This is generally not advisable, right? Luckily she did. We are still together five years later, and I love her even more now than I did then. Not if I like the person. So nothing in the relationship changes, only the label. You still like each other the same. Then again, maybe all my guy friends are extra sensitive! I told her I wanted to be in a serious relationship. Men me included are just as neurotic and go in circles on the mental merry-go-round when the status of their relationship is in question.
Our understanding of masculinity needs to be re-examined. Honesty is the real desire. It forces you to confront and verbalize thoughts and feelings. You both get on the sameyou know where the other stands. It saves time and head space. A handful of the women in my life said that their current or former flames simply introduced them as their girlfriend to a group of friends without ever having discussed the subject, and eventually it stuck.
After several amazing dates I kinda sorta fell in love with her. She had just gotten out of a four-year relationship and she, for good reason, was reluctant to enter another so soon. Defining our relationship was incredibly important to me because it validated my feelings towards her and what she told me hers were towards me love. Words have power and definitions carry context and connotations. By defining the relationship I knew what to expect from her and she from me. I often avoid these conversations for fear of rejection or taking the relationship past the point of no return.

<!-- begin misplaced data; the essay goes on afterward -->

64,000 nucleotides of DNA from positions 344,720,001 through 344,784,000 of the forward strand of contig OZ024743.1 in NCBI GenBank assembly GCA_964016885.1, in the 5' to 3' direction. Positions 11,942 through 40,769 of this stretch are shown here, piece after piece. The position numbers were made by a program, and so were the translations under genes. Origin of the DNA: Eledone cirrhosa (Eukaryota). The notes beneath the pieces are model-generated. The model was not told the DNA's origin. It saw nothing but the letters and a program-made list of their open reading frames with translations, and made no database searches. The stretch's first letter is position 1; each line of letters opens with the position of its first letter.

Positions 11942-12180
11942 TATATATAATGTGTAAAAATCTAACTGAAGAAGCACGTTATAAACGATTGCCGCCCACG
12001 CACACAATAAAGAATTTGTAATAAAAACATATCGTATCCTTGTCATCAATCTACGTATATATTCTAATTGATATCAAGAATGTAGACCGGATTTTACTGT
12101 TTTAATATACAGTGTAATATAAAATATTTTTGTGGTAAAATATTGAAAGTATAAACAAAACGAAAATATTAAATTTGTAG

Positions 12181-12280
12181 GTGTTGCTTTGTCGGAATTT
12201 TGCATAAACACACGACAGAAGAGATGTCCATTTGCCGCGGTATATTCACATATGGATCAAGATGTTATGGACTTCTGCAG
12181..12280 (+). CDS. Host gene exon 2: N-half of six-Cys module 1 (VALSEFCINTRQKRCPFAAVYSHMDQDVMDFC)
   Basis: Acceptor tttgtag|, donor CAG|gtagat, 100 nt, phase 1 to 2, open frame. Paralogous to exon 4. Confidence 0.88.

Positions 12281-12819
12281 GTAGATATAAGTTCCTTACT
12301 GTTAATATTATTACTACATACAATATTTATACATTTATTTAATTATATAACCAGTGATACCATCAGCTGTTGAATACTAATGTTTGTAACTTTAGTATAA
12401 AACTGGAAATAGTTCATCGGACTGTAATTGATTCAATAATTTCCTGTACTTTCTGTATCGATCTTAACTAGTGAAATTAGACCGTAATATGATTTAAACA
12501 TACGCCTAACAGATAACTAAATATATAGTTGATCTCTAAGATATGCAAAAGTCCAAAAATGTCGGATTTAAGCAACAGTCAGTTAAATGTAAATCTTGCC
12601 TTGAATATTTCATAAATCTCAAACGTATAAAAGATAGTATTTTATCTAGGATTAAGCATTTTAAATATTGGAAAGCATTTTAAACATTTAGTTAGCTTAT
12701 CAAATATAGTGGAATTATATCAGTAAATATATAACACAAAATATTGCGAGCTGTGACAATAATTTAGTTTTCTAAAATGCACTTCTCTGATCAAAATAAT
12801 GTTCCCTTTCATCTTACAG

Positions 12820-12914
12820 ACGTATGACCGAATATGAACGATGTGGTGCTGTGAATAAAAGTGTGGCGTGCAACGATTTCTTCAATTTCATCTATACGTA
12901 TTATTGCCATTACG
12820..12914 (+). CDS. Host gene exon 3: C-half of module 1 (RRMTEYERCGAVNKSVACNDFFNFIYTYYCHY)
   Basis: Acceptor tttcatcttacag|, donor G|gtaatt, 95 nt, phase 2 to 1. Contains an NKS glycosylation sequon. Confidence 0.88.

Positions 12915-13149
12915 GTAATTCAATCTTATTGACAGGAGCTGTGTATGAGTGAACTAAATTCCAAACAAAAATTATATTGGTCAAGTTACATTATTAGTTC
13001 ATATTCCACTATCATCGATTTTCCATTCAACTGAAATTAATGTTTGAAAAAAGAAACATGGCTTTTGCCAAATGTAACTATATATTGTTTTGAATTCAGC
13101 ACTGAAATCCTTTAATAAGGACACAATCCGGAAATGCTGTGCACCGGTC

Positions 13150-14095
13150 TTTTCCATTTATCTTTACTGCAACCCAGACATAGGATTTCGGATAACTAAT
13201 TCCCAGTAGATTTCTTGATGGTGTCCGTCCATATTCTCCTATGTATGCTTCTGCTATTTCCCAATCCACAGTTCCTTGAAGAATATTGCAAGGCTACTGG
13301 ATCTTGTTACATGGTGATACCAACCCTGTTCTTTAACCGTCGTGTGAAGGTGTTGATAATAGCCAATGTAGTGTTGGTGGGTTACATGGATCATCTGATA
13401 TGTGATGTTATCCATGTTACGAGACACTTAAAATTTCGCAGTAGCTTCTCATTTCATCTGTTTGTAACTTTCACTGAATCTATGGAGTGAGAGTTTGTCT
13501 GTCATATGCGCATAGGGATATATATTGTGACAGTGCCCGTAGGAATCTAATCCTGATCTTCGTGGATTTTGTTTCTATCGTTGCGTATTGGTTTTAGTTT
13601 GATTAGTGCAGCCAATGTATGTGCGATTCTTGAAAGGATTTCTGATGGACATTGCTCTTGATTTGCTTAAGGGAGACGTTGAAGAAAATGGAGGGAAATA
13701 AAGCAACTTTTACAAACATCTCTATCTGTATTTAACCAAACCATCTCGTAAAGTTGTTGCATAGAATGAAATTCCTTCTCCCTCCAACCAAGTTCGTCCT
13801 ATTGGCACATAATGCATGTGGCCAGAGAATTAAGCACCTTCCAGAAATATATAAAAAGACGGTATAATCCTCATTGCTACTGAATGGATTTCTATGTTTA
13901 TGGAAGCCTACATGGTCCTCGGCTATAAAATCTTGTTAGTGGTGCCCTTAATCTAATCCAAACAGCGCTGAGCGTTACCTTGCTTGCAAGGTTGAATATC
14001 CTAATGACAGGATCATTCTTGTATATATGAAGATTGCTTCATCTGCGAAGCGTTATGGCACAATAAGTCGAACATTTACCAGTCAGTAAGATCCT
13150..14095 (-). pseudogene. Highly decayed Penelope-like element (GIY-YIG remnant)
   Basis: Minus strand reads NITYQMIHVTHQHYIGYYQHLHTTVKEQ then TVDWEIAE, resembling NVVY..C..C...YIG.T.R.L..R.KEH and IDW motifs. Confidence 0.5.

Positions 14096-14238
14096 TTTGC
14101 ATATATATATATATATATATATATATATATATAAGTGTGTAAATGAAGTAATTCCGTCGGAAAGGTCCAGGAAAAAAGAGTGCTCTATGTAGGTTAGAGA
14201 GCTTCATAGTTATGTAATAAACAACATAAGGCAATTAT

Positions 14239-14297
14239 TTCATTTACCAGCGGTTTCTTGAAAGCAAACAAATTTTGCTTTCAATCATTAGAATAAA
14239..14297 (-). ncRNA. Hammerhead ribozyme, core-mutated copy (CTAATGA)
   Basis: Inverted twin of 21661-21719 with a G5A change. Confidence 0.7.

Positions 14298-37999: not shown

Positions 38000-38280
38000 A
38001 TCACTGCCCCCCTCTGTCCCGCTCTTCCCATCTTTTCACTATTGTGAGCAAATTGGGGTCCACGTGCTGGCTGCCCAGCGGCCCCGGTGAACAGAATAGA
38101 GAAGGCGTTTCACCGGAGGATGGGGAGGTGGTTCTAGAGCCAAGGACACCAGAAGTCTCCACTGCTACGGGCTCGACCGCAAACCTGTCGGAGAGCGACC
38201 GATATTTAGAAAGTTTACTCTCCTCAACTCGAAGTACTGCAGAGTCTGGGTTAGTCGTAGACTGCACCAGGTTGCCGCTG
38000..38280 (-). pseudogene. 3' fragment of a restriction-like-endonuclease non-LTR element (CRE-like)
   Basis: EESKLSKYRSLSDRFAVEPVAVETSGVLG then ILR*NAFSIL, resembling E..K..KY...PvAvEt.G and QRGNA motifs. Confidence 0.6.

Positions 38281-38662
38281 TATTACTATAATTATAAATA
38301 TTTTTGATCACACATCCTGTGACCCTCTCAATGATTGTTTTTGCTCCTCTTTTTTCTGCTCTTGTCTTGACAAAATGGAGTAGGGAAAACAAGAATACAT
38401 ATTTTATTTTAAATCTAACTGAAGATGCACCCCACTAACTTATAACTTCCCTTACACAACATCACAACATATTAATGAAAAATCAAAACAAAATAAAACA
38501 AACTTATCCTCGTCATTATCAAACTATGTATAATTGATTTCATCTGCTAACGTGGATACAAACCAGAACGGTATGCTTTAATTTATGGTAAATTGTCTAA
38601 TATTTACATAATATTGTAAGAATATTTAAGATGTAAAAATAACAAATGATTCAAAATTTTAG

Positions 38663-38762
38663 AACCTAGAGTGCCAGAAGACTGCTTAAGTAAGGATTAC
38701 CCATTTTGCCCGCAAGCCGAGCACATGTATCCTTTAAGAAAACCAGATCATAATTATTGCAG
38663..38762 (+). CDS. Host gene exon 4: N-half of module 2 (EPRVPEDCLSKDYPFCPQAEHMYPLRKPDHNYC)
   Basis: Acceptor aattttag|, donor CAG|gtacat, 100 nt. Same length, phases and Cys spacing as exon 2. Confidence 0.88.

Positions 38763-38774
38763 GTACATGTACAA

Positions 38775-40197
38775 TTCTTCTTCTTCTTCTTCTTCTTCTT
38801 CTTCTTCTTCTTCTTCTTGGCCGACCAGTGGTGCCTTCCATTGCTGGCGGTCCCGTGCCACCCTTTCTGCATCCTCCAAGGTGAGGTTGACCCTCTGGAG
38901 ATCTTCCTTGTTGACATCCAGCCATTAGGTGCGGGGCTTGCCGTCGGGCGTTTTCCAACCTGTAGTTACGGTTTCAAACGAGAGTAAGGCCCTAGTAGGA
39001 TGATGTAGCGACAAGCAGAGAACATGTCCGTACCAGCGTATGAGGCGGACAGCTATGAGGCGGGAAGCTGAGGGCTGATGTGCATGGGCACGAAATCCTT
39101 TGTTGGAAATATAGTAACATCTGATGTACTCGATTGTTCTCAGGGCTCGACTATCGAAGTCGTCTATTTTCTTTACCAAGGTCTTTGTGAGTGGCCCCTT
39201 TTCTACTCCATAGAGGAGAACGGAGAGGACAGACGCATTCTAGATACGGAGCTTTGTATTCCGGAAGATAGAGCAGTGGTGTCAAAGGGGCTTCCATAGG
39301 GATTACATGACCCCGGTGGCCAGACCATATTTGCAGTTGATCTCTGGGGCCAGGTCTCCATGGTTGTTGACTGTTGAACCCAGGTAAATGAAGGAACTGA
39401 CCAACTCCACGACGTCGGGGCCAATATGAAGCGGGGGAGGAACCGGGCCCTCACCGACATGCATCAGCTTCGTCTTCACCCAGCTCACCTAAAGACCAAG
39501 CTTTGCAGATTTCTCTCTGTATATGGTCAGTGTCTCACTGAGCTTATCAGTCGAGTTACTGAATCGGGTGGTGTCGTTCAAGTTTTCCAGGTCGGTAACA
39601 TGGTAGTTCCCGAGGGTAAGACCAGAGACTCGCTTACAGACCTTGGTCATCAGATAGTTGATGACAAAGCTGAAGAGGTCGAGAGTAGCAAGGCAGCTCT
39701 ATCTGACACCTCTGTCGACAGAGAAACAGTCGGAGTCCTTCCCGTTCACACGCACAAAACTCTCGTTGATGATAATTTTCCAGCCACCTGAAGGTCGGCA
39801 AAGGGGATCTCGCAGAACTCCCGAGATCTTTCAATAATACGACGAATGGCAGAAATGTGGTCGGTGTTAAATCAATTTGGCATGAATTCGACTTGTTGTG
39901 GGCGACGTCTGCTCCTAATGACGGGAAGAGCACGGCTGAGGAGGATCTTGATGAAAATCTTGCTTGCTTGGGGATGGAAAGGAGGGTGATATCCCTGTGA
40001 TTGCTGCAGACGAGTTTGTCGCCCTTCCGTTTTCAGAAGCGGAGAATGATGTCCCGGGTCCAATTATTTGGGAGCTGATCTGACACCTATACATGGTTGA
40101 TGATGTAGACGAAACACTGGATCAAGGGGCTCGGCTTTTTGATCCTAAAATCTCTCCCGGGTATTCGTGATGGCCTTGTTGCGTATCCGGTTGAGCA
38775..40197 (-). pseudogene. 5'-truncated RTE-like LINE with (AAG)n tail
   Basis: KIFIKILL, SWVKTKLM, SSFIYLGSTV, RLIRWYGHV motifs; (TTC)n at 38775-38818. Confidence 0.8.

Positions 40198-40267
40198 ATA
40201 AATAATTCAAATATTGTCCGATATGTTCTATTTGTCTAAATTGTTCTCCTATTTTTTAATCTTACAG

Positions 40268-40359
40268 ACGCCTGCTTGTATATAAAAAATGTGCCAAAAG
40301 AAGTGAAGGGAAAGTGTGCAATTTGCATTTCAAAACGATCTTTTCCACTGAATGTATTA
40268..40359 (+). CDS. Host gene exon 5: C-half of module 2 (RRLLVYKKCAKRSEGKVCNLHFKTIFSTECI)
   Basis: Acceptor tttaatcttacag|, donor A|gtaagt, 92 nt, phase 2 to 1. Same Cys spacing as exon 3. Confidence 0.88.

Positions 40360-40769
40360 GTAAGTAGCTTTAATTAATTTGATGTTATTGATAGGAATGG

Most of my fears are self-inflicted, however, and I do not feel an imbalance of power in other aspects of the relationship. It can be awkward for sure, but awkward is where a lot of learning begins. The best experiences I had with DTR was early on in becoming sexually active. I tried to be honest with girls before it ever got physical. I knew full well I was basically still working on that and there was no way I could have committed myself to anyone at that time. I literally said that to girls. The reaction for the most part seemed positive. Sorry that took so long, Olivia and to whoever has to read this.
I see this as a healthy way to live, as it is a way of removing the stress of labels from modern life. About a few weeks after putting that label on it we broke up because the entire atmosphere of our relationship changed and it was no longer working for me. Honesty is the best policy in these situations. So be honest with your partner! The older I get the less I focus on defining the relationship and the more I care about the overall direction.
Labels are an afterthought. However, as I got older and wanted to settle down more, I actually became more proactive in having the conversation. Once I understood what I was looking for, I became less hesitant and just wanted to put everything out there to know where we both stood.